The digital turn has increasingly opened up space for the video essay in online platforms. This workshop invites early career and established scholars and videographic practitioners to present their video essays and other visual forms as works in progress. In alignment with the theme of our conference series -- that is, collaboration in production and performance as a means of fostering gender equality -- we invite participants who wish to experiment with online, collaborative video essay production and open their work to peer feedback.
Undergraduate Video Essay Workshop
This workshop – a spinoff group from the main workshop described above – aims to bring together student artists, enabling them to present their work and receive feedback on their projects and foster international collaborations. The students will not only develop their video essay projects, but also rethink the status of the image and cinematographic representation in emerging hybrid forms. Interested students (who are currently enrolled in any undergraduate program) may submit works already evaluated in their previous courses, or new work-in-progress.
ROUNDTABLE: The Video Essay as Creative Pedagogy
One aim of the conference is to explore the potential of the video essay as a creative methodology that can be applied in academic teaching. This seminar/roundtable will focus on how instructors have integrated digital video assignments into course assessments in higher education. Teachers with this experience are invited to join the roundtable to share their insights. Points of discussion will include best practices, pitfalls, and integration of video assignments to broader department curricula.
PANEL: Video Forms and Academic Publication
Video forms can figure prominently in our academic research agendas, although many questions remain about how such work will be reviewed, published, and accredited for promotion and other avenues of professional recognition. This panel invites scholars, past or current editorial board members, and publishers to discuss the evolving academic status of the video essay and other audiovisual outputs. The editorial criteria used to evaluate video essays is an integral part of this discussion, which will also reflect on where the video essay form stands in relation to other emerging audio-visual forms that navigate the boundaries between visual art, cultural criticism and streaming media. We invite practitioners and academics who wish to participate to reflect on their own experiences, and media professionals who wish to reflect on the video essay form as a new form of publishable critique.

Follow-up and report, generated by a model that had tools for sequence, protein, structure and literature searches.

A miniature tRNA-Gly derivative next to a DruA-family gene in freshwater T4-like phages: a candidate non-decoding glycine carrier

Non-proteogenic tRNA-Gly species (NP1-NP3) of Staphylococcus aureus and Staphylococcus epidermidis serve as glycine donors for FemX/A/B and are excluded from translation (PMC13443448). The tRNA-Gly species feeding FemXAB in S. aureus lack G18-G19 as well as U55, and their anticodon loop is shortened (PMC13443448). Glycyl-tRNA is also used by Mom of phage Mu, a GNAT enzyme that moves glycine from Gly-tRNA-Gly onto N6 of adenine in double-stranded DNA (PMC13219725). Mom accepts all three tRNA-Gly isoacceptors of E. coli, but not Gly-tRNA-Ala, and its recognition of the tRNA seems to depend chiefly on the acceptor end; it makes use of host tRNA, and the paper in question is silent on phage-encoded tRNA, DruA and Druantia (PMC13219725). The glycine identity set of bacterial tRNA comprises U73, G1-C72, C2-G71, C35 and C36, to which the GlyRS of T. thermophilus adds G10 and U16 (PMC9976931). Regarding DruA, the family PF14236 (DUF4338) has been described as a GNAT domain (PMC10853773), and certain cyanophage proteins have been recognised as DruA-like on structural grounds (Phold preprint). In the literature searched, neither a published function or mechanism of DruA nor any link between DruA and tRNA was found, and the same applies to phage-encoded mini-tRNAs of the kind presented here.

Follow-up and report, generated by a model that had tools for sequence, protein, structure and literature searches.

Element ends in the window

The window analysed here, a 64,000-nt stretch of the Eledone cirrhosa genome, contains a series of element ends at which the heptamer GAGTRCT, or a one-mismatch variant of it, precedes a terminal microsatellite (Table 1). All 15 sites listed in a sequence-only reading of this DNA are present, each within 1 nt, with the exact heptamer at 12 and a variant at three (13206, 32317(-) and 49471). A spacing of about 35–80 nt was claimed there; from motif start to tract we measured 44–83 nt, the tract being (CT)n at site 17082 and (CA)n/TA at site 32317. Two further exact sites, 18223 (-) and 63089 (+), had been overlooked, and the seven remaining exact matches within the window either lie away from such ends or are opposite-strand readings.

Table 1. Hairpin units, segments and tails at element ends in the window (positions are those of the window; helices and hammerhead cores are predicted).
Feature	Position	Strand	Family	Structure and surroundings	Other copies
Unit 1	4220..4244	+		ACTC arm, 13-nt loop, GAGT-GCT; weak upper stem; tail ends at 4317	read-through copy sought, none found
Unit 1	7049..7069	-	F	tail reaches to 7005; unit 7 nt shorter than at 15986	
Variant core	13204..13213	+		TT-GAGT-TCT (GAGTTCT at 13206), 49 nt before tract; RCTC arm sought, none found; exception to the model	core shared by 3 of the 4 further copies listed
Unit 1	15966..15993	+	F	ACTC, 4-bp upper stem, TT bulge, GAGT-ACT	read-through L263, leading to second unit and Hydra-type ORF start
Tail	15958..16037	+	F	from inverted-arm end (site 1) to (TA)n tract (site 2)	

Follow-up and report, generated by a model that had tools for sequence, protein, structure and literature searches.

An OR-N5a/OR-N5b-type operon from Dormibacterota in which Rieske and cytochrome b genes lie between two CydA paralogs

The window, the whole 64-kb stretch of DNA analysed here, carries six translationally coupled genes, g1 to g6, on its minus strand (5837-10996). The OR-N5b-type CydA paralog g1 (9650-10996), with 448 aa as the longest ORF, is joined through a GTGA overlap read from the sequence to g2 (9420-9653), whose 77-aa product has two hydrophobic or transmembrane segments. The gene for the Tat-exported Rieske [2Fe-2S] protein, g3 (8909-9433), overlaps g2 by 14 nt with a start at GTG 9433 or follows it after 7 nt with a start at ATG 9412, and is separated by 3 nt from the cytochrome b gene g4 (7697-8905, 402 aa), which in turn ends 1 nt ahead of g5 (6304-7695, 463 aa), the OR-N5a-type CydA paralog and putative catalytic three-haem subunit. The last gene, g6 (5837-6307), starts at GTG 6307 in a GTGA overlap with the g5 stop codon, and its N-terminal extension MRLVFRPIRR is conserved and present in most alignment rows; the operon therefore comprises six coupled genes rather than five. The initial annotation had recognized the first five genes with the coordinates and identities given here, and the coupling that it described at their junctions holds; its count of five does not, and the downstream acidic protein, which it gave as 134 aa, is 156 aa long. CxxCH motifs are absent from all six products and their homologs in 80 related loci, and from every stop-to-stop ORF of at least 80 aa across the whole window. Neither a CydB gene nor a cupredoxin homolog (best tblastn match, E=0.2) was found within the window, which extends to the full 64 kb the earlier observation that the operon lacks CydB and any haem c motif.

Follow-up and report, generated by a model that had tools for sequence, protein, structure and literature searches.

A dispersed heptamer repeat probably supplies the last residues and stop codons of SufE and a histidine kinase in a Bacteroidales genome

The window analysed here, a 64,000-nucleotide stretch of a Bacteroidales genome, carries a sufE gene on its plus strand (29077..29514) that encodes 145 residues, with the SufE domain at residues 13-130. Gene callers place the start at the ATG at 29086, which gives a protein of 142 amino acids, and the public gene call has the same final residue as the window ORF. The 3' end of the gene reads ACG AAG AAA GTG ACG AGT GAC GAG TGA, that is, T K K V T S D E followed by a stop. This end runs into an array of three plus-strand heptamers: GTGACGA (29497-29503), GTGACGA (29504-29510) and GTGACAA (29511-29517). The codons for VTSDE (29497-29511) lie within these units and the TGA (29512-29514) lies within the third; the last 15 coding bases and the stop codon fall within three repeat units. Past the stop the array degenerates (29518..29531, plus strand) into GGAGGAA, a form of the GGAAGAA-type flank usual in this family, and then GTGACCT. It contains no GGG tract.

MOBILE EVERYDAY: Making at Hand
Inspired by the feminist filmmaking practices of making-do with the materials on hand and celebrating the creativity of making for oneself with only the subjects of day to day life, we invite short video submissions no longer than two minutes capturing a single everyday routine task or moment in everyday life. This emphasis on what filmmaker Courtney Stephens has called the "minor spaces" of gendered lives also opens up room to creatively play with other routine and mundane corners often overlooked because they are merely nearby. Adapting our prompt from Irene Lusztig's "Feminist Filmmaking Syllabus for Anyone," we encourage participants to "celebrate the mundane, everyday, routine;" "critique every day labor conditions;" document maintenance work: care for others, care for you, the upkeep space and self; look at the overlooked actions and cumulative time of tasks, "to make art from the boring, repetitive, domestic, quotidian." We encourage participants to resist the impulse to create something polished which would require time, labor, and care in short reserves due to the ongoing disruptions of Pandemic life. Instead we hope this short pause for a low-stakes, one-off self-making experiment offers an alternative model of creative praxis less dependent on productivity and guilt and more welcoming for creativity wherever and whenever we can find it. We suggest the following parameters not to restrict, but make possible this practice.
Let it be Small: 2 minutes or less
Keep it to be Accessible: Use only DIY, low cost/cheap, accessible production tools (think mobile camera and on board mics)
Allow it to be Simple: Employ home movie techniques - one take, hand-held or propped up, minimal or in-camera editing, little or no additional text or voiceover
Imagine an Audience of One: The video is only for you, a documentation or diary of the vent
Compose with the Near at Hand: Show what takes up your days now.